No True Scotsman

Scripture:  Romans 14:1-13

Back in 2019 I was able to attend the Star Wars celebration in Chicago, which was kind of like a dream come true for me.  However, I was a little anxious about going, and one of the interactions I had on the second day showed why.  I was in line to be the first people to see the premiere trailer for what was going to be the newest Star Wars movie, The Rise of Skywalker.   The previous Star Wars movie, The Last Jedi, is actually my absolute favorite Star Wars movie.  However, that particular film can be somewhat divisive.  There are some people who really dislike it and then tend to be quite vocal about why.  It turns out the guy I was behind in line was one of those people.  It did not take long in the conversation before he started railing against The Last Jedi, before he said, “We all know, no real Star Wars fan likes that movie right?”  I quietly stated, I did in fact like it and he more or less stopped talking to me.

His statement, that no real Star Wars fan would like the movie he did not, was in fact a well-known logic fallacy that is referred to as an appeal to purity or more informally as the “No True Scotsman” fallacy.  It gets this name from a 1966 philosophy book which in part seeks to define this fallacy.  Strictly defined this is when someone attempts to protect a generalized statement from an example that shows the statement was false by excluding the counterexample.  A simple example is often given to illustrate how this works.  One person states: “No Scotsman put sugar on his porridge”, to which someone replies “but my uncle Angus is a Scotsman and he puts sugar on his porridge”, so the first person comes back with “but no true Scotsman put sugar on his porridge.”

The No True Scotsman fallacy is an attempt to define who belongs and who does not belong to a specific group by a completely subjective set of criteria.  When someone employs this fallacy it is to say that those who agree with the person belong and those who do not agree do not belong.  This is a fallacy, because the criteria that is being used is not what actually decides who belongs or does not.  While this concept gets its name from a silly example involving Scotsman, sugar, and porridge perhaps it could have also been accurately called the No True Christian fallacy, because unfortunately using subjective criteria to define who gets to call themselves a Christian and who does not has been a problem that happens again and again.  This morning’s scripture shows that the problem goes back to close to the beginning.   This morning’s scripture is Paul’s attempt to argue against the No True Scotsman fallacy and it is attempt to state that gate keeping tests should not be used to determine who is out and who is in the community of Jesus followers.  This morning’s scripture emphatically states that we should accept those who God accepts.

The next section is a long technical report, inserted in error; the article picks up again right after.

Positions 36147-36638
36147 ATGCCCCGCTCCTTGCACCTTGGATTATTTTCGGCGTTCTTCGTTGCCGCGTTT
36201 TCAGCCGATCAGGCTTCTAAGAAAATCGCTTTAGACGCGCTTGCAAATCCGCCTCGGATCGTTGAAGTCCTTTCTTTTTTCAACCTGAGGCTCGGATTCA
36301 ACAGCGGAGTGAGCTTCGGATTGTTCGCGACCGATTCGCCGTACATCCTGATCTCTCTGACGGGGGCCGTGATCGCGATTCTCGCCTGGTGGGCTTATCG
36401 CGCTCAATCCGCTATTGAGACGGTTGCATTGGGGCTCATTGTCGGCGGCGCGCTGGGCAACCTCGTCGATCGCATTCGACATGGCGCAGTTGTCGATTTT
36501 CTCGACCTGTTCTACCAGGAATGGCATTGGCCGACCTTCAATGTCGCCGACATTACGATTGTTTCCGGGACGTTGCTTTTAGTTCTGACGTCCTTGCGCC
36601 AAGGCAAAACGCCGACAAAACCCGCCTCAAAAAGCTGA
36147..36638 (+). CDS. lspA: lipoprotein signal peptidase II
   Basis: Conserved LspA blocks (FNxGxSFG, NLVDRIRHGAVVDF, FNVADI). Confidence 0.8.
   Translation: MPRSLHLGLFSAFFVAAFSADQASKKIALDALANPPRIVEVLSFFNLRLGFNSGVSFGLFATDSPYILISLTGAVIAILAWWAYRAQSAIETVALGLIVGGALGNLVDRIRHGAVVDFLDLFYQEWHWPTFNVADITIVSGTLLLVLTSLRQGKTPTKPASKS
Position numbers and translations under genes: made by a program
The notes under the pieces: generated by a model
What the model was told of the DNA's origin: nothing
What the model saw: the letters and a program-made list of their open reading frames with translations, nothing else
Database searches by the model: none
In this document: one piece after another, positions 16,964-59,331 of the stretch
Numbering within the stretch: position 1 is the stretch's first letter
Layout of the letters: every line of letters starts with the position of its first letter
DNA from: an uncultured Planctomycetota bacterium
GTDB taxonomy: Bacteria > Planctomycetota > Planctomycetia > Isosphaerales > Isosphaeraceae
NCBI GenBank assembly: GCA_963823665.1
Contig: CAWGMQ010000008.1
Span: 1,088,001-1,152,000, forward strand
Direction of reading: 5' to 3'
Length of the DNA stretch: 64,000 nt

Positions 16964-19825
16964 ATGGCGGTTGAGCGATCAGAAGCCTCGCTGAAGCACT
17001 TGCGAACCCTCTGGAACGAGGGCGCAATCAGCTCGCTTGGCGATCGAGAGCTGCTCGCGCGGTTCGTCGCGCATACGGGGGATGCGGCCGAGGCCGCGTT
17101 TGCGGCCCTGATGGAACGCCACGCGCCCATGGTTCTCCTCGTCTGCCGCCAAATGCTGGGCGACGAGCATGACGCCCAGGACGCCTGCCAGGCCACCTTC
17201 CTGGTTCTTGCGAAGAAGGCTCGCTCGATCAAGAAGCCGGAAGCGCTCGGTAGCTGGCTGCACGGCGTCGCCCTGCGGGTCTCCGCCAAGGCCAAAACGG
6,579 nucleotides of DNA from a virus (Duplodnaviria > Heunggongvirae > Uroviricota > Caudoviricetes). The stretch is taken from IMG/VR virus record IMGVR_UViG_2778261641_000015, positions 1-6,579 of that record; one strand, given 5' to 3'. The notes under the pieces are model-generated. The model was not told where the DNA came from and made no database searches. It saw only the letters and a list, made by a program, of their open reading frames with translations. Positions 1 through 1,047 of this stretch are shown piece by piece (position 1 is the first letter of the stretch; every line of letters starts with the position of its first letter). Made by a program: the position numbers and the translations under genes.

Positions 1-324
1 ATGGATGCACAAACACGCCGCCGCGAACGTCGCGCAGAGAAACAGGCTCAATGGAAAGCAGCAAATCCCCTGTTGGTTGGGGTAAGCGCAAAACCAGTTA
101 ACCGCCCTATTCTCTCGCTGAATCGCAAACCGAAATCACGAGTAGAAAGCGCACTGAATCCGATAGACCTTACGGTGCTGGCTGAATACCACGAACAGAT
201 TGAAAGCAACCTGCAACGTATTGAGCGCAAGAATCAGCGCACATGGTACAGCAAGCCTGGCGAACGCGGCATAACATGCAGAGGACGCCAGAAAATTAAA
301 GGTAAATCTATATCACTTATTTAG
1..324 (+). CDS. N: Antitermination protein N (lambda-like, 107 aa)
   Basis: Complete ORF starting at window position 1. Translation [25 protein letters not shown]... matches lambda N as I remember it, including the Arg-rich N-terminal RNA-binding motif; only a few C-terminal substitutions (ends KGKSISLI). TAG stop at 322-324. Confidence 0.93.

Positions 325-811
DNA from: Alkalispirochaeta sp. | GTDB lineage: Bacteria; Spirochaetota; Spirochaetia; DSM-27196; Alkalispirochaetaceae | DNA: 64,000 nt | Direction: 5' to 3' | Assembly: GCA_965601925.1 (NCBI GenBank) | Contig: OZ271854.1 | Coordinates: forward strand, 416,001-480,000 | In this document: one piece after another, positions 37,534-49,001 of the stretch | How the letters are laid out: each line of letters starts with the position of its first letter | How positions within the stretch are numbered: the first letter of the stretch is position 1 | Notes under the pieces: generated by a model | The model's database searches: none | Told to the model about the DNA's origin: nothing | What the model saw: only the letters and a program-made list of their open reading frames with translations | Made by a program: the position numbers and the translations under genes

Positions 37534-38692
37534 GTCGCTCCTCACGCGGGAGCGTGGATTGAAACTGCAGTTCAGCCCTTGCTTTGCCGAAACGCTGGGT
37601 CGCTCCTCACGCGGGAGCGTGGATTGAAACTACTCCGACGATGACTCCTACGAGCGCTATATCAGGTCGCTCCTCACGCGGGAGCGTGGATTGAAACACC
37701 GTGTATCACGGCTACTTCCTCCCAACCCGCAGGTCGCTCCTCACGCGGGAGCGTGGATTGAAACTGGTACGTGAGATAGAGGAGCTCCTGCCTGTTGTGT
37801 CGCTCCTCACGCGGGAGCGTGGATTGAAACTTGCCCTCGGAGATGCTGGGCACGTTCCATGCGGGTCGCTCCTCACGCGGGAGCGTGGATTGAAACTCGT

Today we view and understand the epistles of the New Testament to be divinely inspired scripture.  While that can be true, we also have to remember that letters like Romans were written to specific communities of faith, in specific times, at specific places.  In this morning’s scripture we get into some of the very specific issues that the church of Rome is dealing with.  We see the crux of the issue that the church is struggling with spelled out in verse 2: “One person’s faith allows them to eat anything, but another whose faith is weak eats only vegetables.”   It should be pointed out that the idea of weak here does not refer to someone who is struggling with faith or only has a nominal faith.   It may be perhaps more helpful to think of the word weak in this scripture to mean novice.  It is not necessarily a value judgement on the quality of the person’s faith.   Understanding why they are having this dispute in the first place sheds light on to what Paul is talking about.

Biblical scholars tend to agree that the church in Rome that Paul was writing to was a faith community that was made up of believers who came from both a Jewish background and a Gentile, or non-Jewish background.   The conflict here seems to relate to Jewish dietary laws.  We know from Acts and several of the other epistles that when the early church gathered together it was often around a meal together.  The issue appears to be that, at least in Rome, the protein options were not terribly kosher.  This could be because the right type of animals were not readily available or it could be that it was a common practice that nearly all of the meat offered in the marketplace had been part of some sort of pagan sacrifice.  In a place like Rome it would have been almost impossible to avoid this.  From a Jewish perspective either of these would have made the meat unclean which is why they stuck with vegetables.  Paul actually states his perspective in verse 14: “I am convinced, being fully persuaded, in the Lord Jesus that nothing is unclean in itself.”